I think that memorizing music becomes easier as one gets older, which is counter intuitive in many ways. People always comment to me about how they seem to be having an increasingly difficult time remembering things from their past. On one level I think that is true, but on another, I think memory is related strictly to effort.

Here's what I mean: I think my musical memory has gotten sharper because I have a more profound love for music and appreciation of its depth. When I have a love for something such as a great score, I seem to look at it with different eyes - ones that cherish the moments I have in its presence. My time is more limited in study than it once was because of my family commitments and because of the steep administrative load I have (see the blog below!), but I work faster now and more intensely, and also with greater affection and appreciation. When I apply an honest passion, it becomes much easier to remember even small details of a massive work, and when that music is in my head and bones, it tends to sing me with greater precision and presence.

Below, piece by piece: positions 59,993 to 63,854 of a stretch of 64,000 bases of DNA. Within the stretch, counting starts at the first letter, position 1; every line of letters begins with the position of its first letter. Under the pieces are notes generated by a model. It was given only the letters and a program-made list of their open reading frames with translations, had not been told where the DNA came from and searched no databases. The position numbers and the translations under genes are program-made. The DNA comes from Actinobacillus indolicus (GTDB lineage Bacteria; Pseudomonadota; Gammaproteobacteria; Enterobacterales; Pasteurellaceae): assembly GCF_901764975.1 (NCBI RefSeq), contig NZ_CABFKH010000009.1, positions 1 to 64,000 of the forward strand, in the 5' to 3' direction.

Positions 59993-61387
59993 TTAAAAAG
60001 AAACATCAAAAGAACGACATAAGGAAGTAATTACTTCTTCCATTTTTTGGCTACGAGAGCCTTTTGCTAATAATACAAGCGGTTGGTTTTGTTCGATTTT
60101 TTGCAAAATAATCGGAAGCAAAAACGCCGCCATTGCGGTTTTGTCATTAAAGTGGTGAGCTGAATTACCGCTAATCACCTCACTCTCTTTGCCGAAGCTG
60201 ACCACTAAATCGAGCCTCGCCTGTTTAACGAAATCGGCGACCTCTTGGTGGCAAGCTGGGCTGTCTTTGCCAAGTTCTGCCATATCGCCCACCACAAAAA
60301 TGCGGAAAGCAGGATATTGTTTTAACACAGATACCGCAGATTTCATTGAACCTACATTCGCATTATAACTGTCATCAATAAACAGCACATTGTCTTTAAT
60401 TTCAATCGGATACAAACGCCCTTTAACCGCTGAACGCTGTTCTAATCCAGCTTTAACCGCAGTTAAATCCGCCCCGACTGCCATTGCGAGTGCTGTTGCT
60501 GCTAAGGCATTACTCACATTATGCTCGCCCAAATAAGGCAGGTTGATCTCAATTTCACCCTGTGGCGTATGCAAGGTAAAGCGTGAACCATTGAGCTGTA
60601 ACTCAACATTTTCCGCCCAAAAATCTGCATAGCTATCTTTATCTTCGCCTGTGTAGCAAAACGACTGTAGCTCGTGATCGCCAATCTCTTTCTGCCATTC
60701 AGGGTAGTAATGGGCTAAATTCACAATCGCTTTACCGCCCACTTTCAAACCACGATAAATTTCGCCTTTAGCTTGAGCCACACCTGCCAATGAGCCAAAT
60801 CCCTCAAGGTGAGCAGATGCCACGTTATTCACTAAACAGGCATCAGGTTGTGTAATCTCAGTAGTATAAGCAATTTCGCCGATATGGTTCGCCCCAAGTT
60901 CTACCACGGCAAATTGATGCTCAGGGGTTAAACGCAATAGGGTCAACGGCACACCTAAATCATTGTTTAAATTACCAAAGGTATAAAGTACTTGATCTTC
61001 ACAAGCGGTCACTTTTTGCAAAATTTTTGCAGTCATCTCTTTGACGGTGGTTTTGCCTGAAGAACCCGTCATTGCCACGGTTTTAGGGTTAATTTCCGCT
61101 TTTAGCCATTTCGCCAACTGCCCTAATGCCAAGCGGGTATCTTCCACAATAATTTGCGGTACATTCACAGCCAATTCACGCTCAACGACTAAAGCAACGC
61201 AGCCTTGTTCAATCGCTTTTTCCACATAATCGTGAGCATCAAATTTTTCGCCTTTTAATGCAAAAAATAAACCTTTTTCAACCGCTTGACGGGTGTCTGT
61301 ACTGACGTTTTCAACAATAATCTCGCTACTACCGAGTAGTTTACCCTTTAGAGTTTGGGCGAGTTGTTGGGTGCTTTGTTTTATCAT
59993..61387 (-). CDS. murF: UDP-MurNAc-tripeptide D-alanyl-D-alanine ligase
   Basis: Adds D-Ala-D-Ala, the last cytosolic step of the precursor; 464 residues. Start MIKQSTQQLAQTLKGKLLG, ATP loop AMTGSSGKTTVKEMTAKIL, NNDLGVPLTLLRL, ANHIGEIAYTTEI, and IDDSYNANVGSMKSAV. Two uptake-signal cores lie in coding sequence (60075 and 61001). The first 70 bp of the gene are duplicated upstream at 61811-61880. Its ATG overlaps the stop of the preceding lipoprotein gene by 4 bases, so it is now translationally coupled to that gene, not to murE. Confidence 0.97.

I think most of colleagues who have passed the 40 threshold would agree that they are much faster to digest material now - no matter if it is musical or not. The specificity with which they remember however, is related to the intensity and passion which they inject into their study, and in when applied with passion, the ability to remember seems to me to increase with age - no matter how old or young you are!

Sunday, October 19, 2008

Cultural Conversation